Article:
Jamaica News: Entertainment events contributed some $71 billion to the Jamaican economy between 2012 and 2016, with 1.9 million people employed in various positions.
This was noted by Senior Lecturer of the University of the West Indies, Mona, Dr. Sonjah Stanley Niaah, while commenting on the value and culture of dancehall, at the Jamaica Music Museum ‘Grounation’ series held on Sunday, February 17 at the Institute of Jamaica Lecture Hall, 10-16 East Street in downtown Kingston.
She was part of a panel involving Michael Dawson, Heavy D and Professor Donna Hope that discussed a sub-theme, ‘Dancehall Stardom Version 1: Crime, Justice and Punishment’.
Discussions on the sub-theme will continue on Sunday, February 24 at the same venue, beginning at 2:00 p.m. It will be moderated by Coleen Douglas and will feature panellists, Cordel Green, Carlene Smith, Robin Clarke and Chris Charles.
Dr. Stanley Niaah said the value of the entertainment industry came out of a United Nations study, published in March 2018, which examined the creative industries as a source of income.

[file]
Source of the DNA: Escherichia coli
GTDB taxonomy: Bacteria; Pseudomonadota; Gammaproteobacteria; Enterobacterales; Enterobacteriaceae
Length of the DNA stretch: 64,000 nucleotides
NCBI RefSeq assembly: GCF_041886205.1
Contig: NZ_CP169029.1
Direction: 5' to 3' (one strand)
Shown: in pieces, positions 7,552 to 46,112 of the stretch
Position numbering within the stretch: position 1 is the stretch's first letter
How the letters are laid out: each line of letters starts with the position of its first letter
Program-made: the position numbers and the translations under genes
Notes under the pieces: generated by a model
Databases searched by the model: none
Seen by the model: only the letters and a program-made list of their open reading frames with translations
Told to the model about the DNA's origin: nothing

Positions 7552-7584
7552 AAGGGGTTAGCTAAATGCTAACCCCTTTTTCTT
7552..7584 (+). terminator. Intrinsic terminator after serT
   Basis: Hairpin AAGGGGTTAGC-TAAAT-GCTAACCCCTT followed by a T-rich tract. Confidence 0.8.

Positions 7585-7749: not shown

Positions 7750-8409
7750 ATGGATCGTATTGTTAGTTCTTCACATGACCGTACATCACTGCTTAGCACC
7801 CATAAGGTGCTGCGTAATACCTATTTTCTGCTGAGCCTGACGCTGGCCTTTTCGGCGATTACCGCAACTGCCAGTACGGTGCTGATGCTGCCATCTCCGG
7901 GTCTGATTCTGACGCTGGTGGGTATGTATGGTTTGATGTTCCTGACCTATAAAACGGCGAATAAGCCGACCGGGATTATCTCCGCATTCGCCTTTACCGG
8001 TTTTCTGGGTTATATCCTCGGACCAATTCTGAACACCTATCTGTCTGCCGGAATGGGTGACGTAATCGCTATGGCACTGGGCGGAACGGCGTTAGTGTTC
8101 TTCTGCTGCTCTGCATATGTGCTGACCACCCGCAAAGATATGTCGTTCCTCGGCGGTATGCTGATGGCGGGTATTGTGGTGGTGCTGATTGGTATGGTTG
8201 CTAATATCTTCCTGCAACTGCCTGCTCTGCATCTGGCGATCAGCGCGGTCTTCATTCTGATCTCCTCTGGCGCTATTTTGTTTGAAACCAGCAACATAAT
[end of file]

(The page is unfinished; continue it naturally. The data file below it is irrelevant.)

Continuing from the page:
The senior lecturer said an “infrastructure” is needed to promote the industry and to support young artistes.
“Entertainment provides an income for many persons; it provides jobs, but there is no infrastructure that we have put in place and that matches the kind of output that entertainment gives us,” she said.
Comparing entertainment to sport, she said there is an apparatus in place for sports, and noted that when students enter the school system “they immediately go into a house (for sports competition purposes) and are oriented to sports”.
She noted, too, that although trained music teachers are hired to teach music at primary and high schools, they are sometimes asked to teach other subjects.
‘As free as we want to be: Dancehall – a Liberating Ethic’, is the theme for this year’s Grounation held each Sunday in the month of February. Dancehall is a genre of Jamaican popular music that began in the late 1970s.
Source: JIS News